Matthew Dillon posted a note about the next point release of DragonFly, coming within a few days. Chunks of it like the recent OpenSSL and Sendmail fixes are already on the 3.8 branch.
I assume I’ll be the one rolling it, and I plan to put together a 3.6.3 tag too, just so there’s a final version of 3.6 that has all changes rolled up.
BSDNow 041 is out with an interview of Benedict Reuschling, along with a lot of news discussion and some interesting NAS notes. Hey, I’m mentioned!
If you’re building ports, it will treat OpenSSL as a dependency and bring in whatever version is available. If perhaps you want to use the version of OpenSSL installed as part of your base system, Robin Hahling has the answer for how. (This probably works on FreeBSD too.)
Sascha Wildner has removed some drivers in the x86_64 config. This will only really affect you if you use a custom kernel and still have entries for those drivers in the config file.
Thanks to Markus Pfeiffer, there is now a locking(9) man page for use the next time you say, “Which is the right lock to use?” Something I see almost monthly.
There were more problems found in OpenSSL… right after release of DragonFly 3.8. OpenSSL 1.0.1h has been committed, thanks to Robin Hahling and Sascha Wildner. I’ll be rolling a 3.8.1 release soon.
If you are saying “Hey, what about LibreSSL? And do I write it LibReSSL?”, it’s not set up as a portable release yet. Also, I don’t know the correct capitalization, either. There is some debate about the lack of notification from OpenSSL to LibreSSL, though other vendors were notified days before.
Less links than last week, but still lots. Alliteration!
Your unrelated link of the week: Carpets for Airports. Requires Flash, unfortunately.
BSDNow 040 has an interview with Karl Lehenbauer at FlightAware, a tutorial on OpenBSD’s packaging system, and more from BSDCan 2014.
BSDTalk 242 has 17 minutes of conversation with Chris Buechler (of pfSense fame), recorded at BSDCan 2014.
The 3.8 release of DragonFly is out! See the release page for a changelog and check your local mirror for download first.
Binary dports packages for 3.8 have been built; they are available for download. (link goes to release versions of the packages. Future updates will be in ../LATEST)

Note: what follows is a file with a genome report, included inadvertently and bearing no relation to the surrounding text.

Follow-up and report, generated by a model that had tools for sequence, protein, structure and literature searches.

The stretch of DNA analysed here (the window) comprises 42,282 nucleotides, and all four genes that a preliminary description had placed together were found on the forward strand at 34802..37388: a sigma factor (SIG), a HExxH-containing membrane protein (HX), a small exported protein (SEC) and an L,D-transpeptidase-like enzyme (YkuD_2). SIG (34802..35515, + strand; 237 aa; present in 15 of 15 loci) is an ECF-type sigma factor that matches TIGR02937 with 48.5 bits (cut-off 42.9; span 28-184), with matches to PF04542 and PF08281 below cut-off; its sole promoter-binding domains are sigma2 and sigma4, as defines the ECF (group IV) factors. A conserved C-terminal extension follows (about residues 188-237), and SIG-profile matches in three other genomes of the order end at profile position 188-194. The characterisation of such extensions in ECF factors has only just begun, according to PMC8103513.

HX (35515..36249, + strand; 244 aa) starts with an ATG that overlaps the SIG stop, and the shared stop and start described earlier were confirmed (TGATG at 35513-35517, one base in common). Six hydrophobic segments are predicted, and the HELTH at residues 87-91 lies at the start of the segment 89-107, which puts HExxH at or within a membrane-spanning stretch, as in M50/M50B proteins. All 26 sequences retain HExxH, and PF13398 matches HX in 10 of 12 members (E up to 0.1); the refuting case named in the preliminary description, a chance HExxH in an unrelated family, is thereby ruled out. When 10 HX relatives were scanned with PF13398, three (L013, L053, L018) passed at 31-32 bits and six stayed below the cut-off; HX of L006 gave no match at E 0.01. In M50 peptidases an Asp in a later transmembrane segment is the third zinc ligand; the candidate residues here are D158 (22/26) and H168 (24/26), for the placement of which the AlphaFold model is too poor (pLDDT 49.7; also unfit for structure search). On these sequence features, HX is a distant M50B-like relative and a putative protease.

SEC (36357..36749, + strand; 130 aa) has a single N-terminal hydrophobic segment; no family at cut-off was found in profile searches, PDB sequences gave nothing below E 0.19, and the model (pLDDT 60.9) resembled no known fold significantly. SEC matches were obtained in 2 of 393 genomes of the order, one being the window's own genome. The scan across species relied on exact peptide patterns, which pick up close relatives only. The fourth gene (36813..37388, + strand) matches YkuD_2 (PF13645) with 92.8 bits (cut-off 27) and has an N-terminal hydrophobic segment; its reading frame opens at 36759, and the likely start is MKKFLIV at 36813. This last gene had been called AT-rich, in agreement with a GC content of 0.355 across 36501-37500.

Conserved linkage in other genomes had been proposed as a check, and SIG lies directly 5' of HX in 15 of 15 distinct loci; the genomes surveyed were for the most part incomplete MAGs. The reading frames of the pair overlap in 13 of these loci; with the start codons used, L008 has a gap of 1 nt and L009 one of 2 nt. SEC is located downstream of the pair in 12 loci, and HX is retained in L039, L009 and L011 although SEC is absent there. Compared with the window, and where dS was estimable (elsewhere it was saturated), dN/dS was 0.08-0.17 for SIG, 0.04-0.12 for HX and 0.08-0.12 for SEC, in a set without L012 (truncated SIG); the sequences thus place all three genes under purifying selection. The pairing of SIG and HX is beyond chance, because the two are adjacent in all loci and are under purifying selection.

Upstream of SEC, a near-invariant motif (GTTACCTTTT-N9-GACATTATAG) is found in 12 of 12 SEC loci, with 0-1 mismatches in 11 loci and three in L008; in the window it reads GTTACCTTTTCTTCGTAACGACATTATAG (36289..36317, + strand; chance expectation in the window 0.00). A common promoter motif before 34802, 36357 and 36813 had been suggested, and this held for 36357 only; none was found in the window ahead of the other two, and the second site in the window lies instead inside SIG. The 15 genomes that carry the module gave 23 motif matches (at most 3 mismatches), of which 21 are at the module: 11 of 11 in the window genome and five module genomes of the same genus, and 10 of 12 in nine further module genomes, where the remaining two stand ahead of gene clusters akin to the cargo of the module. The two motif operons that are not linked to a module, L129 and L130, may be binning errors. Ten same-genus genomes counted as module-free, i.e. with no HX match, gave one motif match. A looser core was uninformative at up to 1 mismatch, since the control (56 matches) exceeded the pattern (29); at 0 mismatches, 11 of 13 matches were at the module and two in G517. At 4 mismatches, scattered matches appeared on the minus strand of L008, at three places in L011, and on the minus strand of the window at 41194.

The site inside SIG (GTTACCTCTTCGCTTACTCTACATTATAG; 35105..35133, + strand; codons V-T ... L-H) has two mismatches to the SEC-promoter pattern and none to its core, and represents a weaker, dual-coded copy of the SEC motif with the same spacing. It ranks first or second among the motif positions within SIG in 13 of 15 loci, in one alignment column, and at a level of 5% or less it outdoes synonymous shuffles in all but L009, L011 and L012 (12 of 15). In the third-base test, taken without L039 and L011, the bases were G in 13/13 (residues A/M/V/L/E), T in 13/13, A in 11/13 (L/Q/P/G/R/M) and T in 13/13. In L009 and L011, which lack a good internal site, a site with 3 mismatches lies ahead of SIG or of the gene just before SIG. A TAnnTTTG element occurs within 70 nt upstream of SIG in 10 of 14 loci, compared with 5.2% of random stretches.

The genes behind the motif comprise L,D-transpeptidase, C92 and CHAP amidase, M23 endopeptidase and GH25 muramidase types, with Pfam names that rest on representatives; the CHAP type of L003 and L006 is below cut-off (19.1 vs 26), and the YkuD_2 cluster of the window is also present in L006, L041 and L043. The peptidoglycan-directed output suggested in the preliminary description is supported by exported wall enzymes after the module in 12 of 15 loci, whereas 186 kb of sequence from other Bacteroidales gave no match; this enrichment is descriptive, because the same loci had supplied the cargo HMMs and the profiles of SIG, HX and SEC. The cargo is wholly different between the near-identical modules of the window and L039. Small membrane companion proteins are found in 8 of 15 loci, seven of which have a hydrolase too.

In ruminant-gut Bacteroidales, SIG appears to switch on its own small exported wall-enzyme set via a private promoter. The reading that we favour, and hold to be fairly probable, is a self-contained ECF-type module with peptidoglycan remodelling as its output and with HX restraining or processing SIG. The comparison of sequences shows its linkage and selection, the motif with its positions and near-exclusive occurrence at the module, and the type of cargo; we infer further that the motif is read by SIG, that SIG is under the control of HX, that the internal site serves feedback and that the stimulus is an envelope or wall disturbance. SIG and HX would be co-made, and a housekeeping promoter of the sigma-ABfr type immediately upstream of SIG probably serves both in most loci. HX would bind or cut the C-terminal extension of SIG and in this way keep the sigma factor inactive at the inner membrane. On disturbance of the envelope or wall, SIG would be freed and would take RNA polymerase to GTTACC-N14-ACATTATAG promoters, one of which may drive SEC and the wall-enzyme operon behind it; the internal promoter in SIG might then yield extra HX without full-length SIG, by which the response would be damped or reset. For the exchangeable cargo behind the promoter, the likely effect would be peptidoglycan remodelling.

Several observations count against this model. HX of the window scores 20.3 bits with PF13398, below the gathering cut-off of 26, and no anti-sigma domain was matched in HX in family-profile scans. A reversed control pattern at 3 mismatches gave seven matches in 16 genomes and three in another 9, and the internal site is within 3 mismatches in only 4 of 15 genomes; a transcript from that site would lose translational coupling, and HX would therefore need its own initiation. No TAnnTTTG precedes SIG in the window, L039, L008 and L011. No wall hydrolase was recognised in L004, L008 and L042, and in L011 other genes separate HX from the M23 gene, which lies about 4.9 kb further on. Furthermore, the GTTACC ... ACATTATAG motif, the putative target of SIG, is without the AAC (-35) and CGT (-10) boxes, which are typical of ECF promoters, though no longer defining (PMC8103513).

For upgrades from 3.6: You can pull the 3.8 source normally with git:
git fetch origin
git branch DragonFly_RELEASE_3_8 origin/DragonFly_RELEASE_3_8
git checkout DragonFly_RELEASE_3_8
Assuming you are using an unmodified kernel, here’s the steps I usually do for an upgrade:
# make buildworld && make buildkernel && make installkernel && make installworld && make upgrade
After upgrading from 3.6, pkg (as designed) will download the appropriate 3.8 packages with
NYCBUG is having a meeting tomorrow night with the theme “Cloud and Colocation“. However! Suspenders, the usual restaurant location, has closed. (Aw, I liked it) This meeting is happening at the About.com offices, which means you can’t just show up – send email if you plan to attend.
I have possibly two weeks worth of Lazy Reading built up here, so sit down and get with the clicking:
- The Internet with a Human Face. Maciej Ceglowski’s recent talk. This is the you-should-read-it link of the week. (via)
- I Broke My Phone’s Screen, and It Was Awesome. Bunnie Huang finds the best place in the world to smash your cell phone.
- The Art of UNIX Programming. Prompted by this.
- Alert Design. The design of network monitor warnings, not designing alertly. (via)
- UNIX History Repository. On GitHub. So much is on GitHub these days… (via)
- A Trip Down UNIX Memory Lane. A lot of UNIX links this week; I don’t know why.
- “Are you a native full-stack visiongineer who lives to marketech platishforms?” Funny but sorta realistic.
- Presenting Data and Information, taught by Edward Tufte. Might be both interesting and local to some reader. (via)
- Python 3 is killing Python. This sort of thing has happened before, called “Perl 6”. (via)
- The Design of SQLite 4. The more I use SQLite, the more I like it. (via)
- Relics of Technology. How many of these things have you actually used? (via)
- tetris-bsd: the most basic version of tetris I’ve ever seen. (via saved Google search)
- That previous link led me to taipan, which is a game I loved on my Apple ][. Wait, I can still play it now?
- Apple phone and tablet models from the 80s. I remember shaping and painting models out of that sort of foam, years ago, before CAD ate it all.
- Notepad: more dangerous than you thought.
- Not necessarily the wrong way to look at tech blogs.
- 2000 or so Unicode characters. What common fonts actually implement everything in Unicode? Cause that would be a heck of a lot of designs. (via a Kickstarter newsletter)
- Beyond the stack. This way of setting up systems has taken over computing firms that are producing software for the Internet… but I don’t think people realize that isn’t all companies.
- The current Humble Book Bundle includes some Top Shelf comics publications, including semi-fictional-early-hacking-history Wizzywig which I’ve mentioned before, and the colossal not-related-to-computers work From Hell. Hopefully will still be up when you read this…
- If I can run an arbitrary program, I can do arbitrary things.
- Sun stories. Remember, it used to be BSD, back when Sun did was growing. One thing everyone seems to agree on: the workstations were great. (via)
- What’s going on with TrueCrypt. Since DragonFly has a truecrypt-compatible implementation, I’d certainly like to see it continue. (via)
Your unrelated comics link of the week: The End of Garfield. I don’t know if this is the original source for the image.